ALBANY, N.Y. (AP) — Opponents of a proposed propane storage facility in the Finger Lakes say they'll continue to fight the project despite the company's proposal to downsize it in response to community concerns.
In a letter to the Department of Environmental Conservation on Monday, Houston-based Crestwood Midstream Partners proposed changes to the Seneca Lake project that include elimination of rail and truck shipment facilities, no butane storage, and resources to monitor and improve water quality in the lake.
In response to public comments about noise, air pollution, potential accidents and increased traffic related to rail and truck shipments to and from the storage site, Crestwood proposes to transport propane only through the existing Teppco pipeline.
"We're pleased to have collaborated with local stakeholders to support modifications that reduce our project's impact on the environment, while still helping propane consumers and creating jobs and tax base for local communities," Crestwood Vice President Brad Bacon said Wednesday.
The opposition group Gas Free Seneca, which includes numerous winemakers in the region, said in a statement that it is resolved to stop the project completely, saying it's unsafe and inconsistent with the character of Seneca Lake communities.
"A fossil fuel project in abandoned salt caverns along a drinking water resource for 100,000 people, with serious unresolved questions about cavern integrity, salinization of the lake, risks of fire, explosion, and in the midst of a global climate crisis, is profoundly unacceptable, despite the changes proposed by Crestwood," Joseph Campbell, president of Gas Free Seneca, said Wednesday.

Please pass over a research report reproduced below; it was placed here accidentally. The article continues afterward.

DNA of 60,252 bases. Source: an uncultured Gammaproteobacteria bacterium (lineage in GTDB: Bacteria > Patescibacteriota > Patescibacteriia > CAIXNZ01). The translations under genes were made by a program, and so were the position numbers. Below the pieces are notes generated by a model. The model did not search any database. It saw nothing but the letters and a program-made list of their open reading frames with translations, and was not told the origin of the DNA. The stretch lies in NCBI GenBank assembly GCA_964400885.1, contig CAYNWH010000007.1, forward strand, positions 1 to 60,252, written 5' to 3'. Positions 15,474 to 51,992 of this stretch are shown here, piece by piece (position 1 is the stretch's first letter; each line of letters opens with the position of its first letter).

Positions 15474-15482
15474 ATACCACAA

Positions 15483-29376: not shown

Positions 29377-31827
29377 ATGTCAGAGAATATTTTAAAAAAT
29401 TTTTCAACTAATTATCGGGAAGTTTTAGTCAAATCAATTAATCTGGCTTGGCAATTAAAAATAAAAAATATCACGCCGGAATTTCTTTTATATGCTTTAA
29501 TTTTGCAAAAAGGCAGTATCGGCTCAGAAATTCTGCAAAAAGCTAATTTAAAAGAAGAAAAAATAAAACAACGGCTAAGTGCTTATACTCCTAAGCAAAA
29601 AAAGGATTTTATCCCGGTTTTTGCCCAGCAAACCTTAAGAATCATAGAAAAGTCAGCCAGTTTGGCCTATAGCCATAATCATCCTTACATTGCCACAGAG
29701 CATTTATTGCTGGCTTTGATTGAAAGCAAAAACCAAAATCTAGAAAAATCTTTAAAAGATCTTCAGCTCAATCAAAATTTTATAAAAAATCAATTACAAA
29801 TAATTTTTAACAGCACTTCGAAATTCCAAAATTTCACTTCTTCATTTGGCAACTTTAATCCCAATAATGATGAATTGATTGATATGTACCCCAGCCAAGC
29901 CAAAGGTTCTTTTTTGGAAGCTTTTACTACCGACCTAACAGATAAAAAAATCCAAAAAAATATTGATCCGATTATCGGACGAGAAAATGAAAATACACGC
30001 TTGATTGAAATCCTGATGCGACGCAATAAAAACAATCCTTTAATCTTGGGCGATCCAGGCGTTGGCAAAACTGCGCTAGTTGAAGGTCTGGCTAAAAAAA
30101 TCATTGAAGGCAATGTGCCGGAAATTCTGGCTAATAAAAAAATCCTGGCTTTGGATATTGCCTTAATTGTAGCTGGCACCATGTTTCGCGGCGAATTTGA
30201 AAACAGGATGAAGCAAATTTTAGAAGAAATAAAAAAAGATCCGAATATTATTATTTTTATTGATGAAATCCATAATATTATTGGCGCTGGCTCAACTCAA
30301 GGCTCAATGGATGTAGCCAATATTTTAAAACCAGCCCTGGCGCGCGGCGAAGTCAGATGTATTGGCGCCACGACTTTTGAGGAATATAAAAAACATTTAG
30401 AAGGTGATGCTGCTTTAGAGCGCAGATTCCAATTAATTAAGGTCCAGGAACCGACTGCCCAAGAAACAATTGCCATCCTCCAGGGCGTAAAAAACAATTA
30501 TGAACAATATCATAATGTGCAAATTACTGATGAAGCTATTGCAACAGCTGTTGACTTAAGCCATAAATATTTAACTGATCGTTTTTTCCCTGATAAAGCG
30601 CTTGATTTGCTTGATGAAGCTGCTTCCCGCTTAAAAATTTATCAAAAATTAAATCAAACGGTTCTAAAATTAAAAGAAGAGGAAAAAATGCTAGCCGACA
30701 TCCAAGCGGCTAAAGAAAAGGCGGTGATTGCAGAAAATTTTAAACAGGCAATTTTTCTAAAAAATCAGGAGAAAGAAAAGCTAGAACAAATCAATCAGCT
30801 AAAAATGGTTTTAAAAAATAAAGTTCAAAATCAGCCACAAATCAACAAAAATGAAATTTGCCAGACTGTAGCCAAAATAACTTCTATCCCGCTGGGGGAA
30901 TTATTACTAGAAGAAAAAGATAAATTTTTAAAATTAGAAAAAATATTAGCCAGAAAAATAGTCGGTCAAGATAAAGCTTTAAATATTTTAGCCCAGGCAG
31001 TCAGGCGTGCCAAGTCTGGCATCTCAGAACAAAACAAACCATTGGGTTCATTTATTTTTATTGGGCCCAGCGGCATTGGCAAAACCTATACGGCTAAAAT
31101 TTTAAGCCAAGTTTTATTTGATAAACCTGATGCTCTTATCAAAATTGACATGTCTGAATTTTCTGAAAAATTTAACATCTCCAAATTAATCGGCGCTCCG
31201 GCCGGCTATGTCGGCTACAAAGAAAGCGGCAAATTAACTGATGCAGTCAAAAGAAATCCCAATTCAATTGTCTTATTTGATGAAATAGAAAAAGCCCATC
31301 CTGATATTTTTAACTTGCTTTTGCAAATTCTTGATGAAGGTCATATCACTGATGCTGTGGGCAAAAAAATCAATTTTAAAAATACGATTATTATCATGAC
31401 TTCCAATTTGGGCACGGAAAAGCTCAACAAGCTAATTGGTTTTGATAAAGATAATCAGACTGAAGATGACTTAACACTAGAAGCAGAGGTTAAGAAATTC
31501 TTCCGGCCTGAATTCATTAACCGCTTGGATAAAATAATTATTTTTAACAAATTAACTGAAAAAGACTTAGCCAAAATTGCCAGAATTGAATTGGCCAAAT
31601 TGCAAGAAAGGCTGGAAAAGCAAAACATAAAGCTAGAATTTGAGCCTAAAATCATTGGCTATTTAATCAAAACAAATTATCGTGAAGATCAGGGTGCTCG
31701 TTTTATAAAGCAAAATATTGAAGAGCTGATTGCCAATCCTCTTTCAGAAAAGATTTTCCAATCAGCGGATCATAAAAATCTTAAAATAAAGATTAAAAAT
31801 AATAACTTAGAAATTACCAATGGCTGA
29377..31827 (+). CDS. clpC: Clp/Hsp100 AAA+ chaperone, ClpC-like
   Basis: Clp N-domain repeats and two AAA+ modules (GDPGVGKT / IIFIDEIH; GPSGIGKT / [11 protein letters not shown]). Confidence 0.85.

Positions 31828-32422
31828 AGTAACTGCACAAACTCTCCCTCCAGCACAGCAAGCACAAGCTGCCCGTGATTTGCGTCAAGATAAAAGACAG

The Department of Environmental Conservation has been considering a permit application for the propane storage facility since 2009. DEC spokesman Sean Mahar said Wednesday the agency will consider the proposed changes in the administrative hearing process currently underway.
The Schuyler County Legislature passed a resolution Monday night urging Gov. Andrew Cuomo to allow DEC to approve the project. Thirty-two other municipalities around Seneca Lake have passed resolutions opposing Crestwood's plans.
A separate permit for expansion of natural gas storage in lakeside salt caverns has received Federal Energy Regulatory Commission approval, but Crestwood sought and received a two-year extension in May. Since FERC approved the expansion in October 2014, hundreds of protesters have been arrested for blocking Crestwood's gates to prevent construction from proceeding.